A common refrain in rural communities across our country is we need more new farmers and ranchers. To keep U.S. agriculture thriving, we must help this new generation to produce vital supplies of food, fuel and fiber, conserve our natural resources, and help sustain and revitalize rural communities.

    It is well known most people seeking to get started in agriculture face very daunting challenges. Fortunately, there are many highly motivated and capable people who are dedicated to a career in agriculture. With just a little help, their prospects for overcoming those challenges really brighten.

    That is why it is so important to have national policies that encourage and enhance opportunities for young people who are aspiring to a life in agriculture. I am proud that as chairman of the Senate Agriculture Committee, I authored and included special provisions and dedicated funding for beginning farmers and ranchers in the 2002 and 2008 farm bills. These initiatives help educate and train young farmers. They also help them secure credit, lease or buy farmland, practice sound conservation and grow income-producing enterprises.

    In preparation for the new farm bill, I introduced legislation to extend and expand the assistance to farmers who are starting out. These provisions were included in the previous bills. I am encouraged the new bill incorporates a good share of my proposals to continue and strengthen help to beginning farmers across our nation.

    To aid beginning farmers in obtaining critically needed training and technical advice, the new farm bill extends and increases funding for grants to organizations conducting such educational programs. A new priority for use of these grants will be serving the needs of military veterans through agricultural rehabilitation and vocational training. The farm bill also creates a special liaison at USDA whose job is to advocate for and assist veterans — especially those who are starting out as farmers — in using agricultural programs…

  • 14Apr

    The 2014 Beginning Farmer and Rancher Development Program (BFRDP) Request for Applications has been posted!!!

    For 2014, $19.2 million is available for grants through the program.

    Applications must submit proposals by June 12, 2014.

    NIFA posted the RFA on their website which also has a wealth of  information about the program including notice of two upcoming webinars on the BFRDP

    • UPCOMING Webinar – General RFA introduction, April 30, 2-4pm (EST)

    • UPCOMING Webinar – For applicants with special audiences (includes veterans, socially disadvantaged, limited resource, and farm workers), May 6, 2-4pm (EST)

    NIFA uses three grant types to offer awards: Standard Grants, Educational Enhancement Team , and  Curriculum and Training Clearinghouse.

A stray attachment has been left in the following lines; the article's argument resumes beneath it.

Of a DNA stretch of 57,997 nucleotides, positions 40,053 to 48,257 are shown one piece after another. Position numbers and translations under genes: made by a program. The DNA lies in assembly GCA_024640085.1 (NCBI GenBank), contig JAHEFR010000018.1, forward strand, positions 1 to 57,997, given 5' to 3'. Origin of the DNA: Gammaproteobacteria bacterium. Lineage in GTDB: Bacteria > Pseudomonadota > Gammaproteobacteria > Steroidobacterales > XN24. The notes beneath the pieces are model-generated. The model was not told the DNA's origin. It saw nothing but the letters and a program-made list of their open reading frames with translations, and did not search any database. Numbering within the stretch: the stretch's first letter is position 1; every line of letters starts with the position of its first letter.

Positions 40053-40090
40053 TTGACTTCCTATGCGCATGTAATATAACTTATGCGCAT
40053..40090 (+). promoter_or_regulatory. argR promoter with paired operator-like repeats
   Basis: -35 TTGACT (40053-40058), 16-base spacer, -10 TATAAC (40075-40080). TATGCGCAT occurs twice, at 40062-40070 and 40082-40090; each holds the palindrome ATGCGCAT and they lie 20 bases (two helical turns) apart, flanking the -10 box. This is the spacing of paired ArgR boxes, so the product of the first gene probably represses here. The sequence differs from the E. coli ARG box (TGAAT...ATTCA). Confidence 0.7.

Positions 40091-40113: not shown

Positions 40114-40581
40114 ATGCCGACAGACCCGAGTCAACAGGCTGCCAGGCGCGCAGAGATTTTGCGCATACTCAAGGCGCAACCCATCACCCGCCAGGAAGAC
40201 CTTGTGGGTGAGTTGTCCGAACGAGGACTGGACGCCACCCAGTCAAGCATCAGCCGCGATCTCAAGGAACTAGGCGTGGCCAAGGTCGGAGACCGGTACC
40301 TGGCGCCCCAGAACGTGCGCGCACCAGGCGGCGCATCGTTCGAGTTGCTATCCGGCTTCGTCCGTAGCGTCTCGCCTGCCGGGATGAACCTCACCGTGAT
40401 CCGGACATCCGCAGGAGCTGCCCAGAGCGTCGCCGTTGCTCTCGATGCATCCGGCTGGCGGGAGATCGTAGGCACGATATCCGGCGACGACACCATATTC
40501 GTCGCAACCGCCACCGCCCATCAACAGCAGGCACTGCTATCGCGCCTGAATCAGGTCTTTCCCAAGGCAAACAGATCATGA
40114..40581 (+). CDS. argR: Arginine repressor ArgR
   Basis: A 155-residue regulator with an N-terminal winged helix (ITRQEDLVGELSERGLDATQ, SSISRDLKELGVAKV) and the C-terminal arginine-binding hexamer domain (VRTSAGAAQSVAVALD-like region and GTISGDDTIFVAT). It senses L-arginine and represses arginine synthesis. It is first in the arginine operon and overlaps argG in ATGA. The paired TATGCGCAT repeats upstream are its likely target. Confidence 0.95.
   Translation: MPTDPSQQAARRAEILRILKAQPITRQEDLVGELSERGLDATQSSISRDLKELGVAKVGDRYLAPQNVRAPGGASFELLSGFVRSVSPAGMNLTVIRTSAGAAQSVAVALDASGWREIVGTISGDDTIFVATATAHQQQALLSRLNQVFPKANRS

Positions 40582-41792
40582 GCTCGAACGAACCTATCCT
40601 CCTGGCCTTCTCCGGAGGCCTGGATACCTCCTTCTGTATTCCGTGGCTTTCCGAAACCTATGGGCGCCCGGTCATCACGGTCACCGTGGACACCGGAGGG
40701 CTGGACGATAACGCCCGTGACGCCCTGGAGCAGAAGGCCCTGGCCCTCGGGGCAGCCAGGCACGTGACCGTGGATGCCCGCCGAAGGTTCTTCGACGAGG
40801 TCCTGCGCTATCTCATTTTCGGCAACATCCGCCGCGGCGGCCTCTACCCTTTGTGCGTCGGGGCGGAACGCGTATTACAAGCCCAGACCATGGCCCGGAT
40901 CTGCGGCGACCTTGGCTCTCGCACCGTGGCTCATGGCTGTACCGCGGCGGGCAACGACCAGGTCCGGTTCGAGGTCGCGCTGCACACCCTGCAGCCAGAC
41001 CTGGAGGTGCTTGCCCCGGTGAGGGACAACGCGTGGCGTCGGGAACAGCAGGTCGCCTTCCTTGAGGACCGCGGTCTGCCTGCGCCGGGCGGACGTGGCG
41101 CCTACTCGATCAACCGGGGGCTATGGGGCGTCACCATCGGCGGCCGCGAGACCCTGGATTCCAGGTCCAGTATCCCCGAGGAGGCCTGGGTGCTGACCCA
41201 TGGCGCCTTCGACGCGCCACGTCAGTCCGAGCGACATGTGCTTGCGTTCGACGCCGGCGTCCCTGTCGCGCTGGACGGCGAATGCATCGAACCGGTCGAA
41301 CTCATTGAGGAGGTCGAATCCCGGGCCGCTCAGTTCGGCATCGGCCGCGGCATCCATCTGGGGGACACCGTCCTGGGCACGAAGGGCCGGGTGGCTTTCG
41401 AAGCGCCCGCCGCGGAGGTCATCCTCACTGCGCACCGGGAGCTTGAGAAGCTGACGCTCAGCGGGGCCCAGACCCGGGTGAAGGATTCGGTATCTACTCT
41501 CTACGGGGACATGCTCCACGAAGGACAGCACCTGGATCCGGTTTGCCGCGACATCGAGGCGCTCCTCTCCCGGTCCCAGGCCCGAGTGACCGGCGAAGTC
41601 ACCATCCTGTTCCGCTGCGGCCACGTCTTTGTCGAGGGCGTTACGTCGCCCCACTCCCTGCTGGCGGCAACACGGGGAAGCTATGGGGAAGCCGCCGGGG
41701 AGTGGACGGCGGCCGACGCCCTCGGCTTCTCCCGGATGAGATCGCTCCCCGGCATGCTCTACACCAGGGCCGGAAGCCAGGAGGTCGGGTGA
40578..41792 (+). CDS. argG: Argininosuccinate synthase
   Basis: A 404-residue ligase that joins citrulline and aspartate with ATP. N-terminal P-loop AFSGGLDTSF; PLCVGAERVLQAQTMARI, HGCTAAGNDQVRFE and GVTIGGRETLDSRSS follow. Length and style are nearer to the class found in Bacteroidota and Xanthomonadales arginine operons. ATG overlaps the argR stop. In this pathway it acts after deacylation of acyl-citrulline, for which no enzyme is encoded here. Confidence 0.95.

Note: These grants are not for land, equipment, or other farm costs. The recipient must be a collaborative, State, tribal, local, or regionally-based network or partnership of public or private entities, which may include: state cooperative extension service; community-based and nongovernmental organization; college or university (including institutions awarding associate degrees); or any other appropriate partner. Others may be eligible to apply.

  • 04Apr

    Farmers Wanted for 2014 Growing Season on Massachusetts Incubator Farm

    Open View Farm in Conway, Massachusetts (http://www.openviewfarm.org/) has for the past 5 years served as an incubator farm for new or young farmers ready to apply their farming knowledge and eager to experiment, learn and grow. We are a supportive community who believe strongly in the local food movement and have land to share. We tend sheep, chickens, a llama, a donkey, cats and a dog (http://www.openviewfarm.org/our-animal-companions/), and especially, family and friends (http://www.openviewfarm.org/people-on-the-farm/)!

    The Farm has great soil and southern exposure. We’ve been able to grow all kinds of vegetables here: celery, peas, lettuces, kale, arugula, spinach, pak choi, hardneck garlic, heirloom tomatoes, eggplants, specialty peppers, okra, green beans, tomatillos, parsnips, beets, carrots, squash, cabbages, herbs, and much more. We also have delicious perennials–asparagus, apples, raspberries, blueberries, and sorrel. There are tools, fencing, cold frames and lots of the necessary materials organized and available for use. We will prepare and deliver tilled fields.

    See the gardens here: http://www.openviewfarm.org/our-gardens/. Be sure to look through the photos!

    Past farmers have focused their attention in different ways, including soil development and testing, growing for market, growing for family, friends and educational purposes, as well as considering the viability of a CSA. These endeavors are the farmer’s to determine and we offer support, encouragement and sometimes extra hands for help. In the past we have happily hosted planting and harvesting days finished off with a meal provided by our family.

    We are seeking a farmer or farmers for the 2014 growing season. If you are interested, please contact Aimee at either aimeegelnaw@gmail.com or (413) 475-2244. We would love to meet you to see if we all make a good fit!

  • 15Mar

    Beginning Farmer Agri-tourism Workshop to be held on Wednesday, March 26th 2014, 9 am – 3:30 pm at Morgan Hill Community Center, Morgan Hill, California

    RSVP for this workshop by signing up at http://www.sagecenter.org/projects/beginning-farmer-rancher-program/.  For more information, please email beginningfarmerrancher@sagecenter.org or call 510-526-1793 x5.

    Cost: Program and lunch: $10 (or sliding scale). Free follow up technical assistance is available to a limited number of beginning farmers and ranchers in Alameda, Contra Costa & Santa Clara Counties.

    Audience: The program is geared to beginning agri-tourism operators; more experienced operators are welcome. Read more »